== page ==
Volunteering to help others, that’s the primary goal behind the Senior Companion Program of the Cleveland-Sunflower-Humphreys Counties Progress, Inc.
On Wednesday, Evelyn Henry, director, and a number of Senior Companion volunteers were invited to the campus of Delta State University to talk about the importance of volunteer work and what they, as individuals, get out of it and encouraged people to take part in Make a Difference Day 2012.
Henry said that Make A Difference Day, set for Oct. 27, is a time when millions of volunteers around the world will unite with a common mission to improve the lives of others.
"Make a Difference Day is the largest community service effort in the nation, rallying corporations, government leaders, charitable organizations and every American into action," said Henry. Last year a record 2.2 million volunteers participated and an estimated 22 million people benefited."
As part of the program to get the word out, Henry and a group of senior companions spoke to multiple student classes in the Social Work department, specifically Volunteering 101 and Aging, taught by Dr. Jana Donahoe.
The Senior Companion Program was started in 1974 and in 1993 partnered up with AmeriCorps, a program of the Corporation for National and Community Service.
In 1993 Pres. Bill Clinton signed the National and Community Service Trust Act, a law that established the Corporation for National and Community Service and brought the full range of domestic community service programs under the umbrella of one central organization.
The Senior Companion Program provides individuals who are at least 55 years of age, and living at or below 200% of the poverty income guideline, with meaningful volunteer opportunities in their community.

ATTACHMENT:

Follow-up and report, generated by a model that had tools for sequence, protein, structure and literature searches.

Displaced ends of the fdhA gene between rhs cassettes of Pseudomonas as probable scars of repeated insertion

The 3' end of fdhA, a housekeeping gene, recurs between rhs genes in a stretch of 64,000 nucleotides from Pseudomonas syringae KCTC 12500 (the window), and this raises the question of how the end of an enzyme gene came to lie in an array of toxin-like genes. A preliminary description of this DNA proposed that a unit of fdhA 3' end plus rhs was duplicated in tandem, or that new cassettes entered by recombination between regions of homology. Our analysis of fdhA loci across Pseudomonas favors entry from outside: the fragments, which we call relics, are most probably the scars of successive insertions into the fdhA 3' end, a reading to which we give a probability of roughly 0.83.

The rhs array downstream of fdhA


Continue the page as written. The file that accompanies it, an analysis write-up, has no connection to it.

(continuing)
Henry said the ultimate goal of the program is to keep seniors at home by stopping the institutionalization.
"Volunteers spend time in private homes and a variety of care settings, such as retirement homes, adult day care centers, nursing homes, and adult foster care homes," said Henry. "They help adults with special needs, such as those with developmental/physical disabilities, mental illness or frailty allowing them to achieve and maintain the highest possible level of independent living.
"Most seniors have fought all their lives to build their homes," she continued. "They don't leave them and studies have shown that programs like senior companions can not only improve their quality of life, but actually expand their life expectancy."
The seniors not only had the opportunity to speak with students about their volunteering efforts, they also had the opportunity to visit a college campus and spread their message to a new generation of volunteers
"Volunteering is a good thing," said one of the senior companions as she addressed the Volunteering 101 class. "For many of us it gives a sense of gratitude to help the less fortunate. We share ourselves with others and we make a difference in the remaining years of their lives. We do this through love and understanding. So, Volunteering is a good thing."
Another group of seniors will make the trip to Cleveland on Oct. 24 from 10 a.m. until 12 p.m. and continue the message
Henry said that currently there were 35 senior companions in Sunflower County, 15 in Humphreys County and 22 in Bolivar County. Anyone interested in more information is encouraged to call Henry at 887-5593.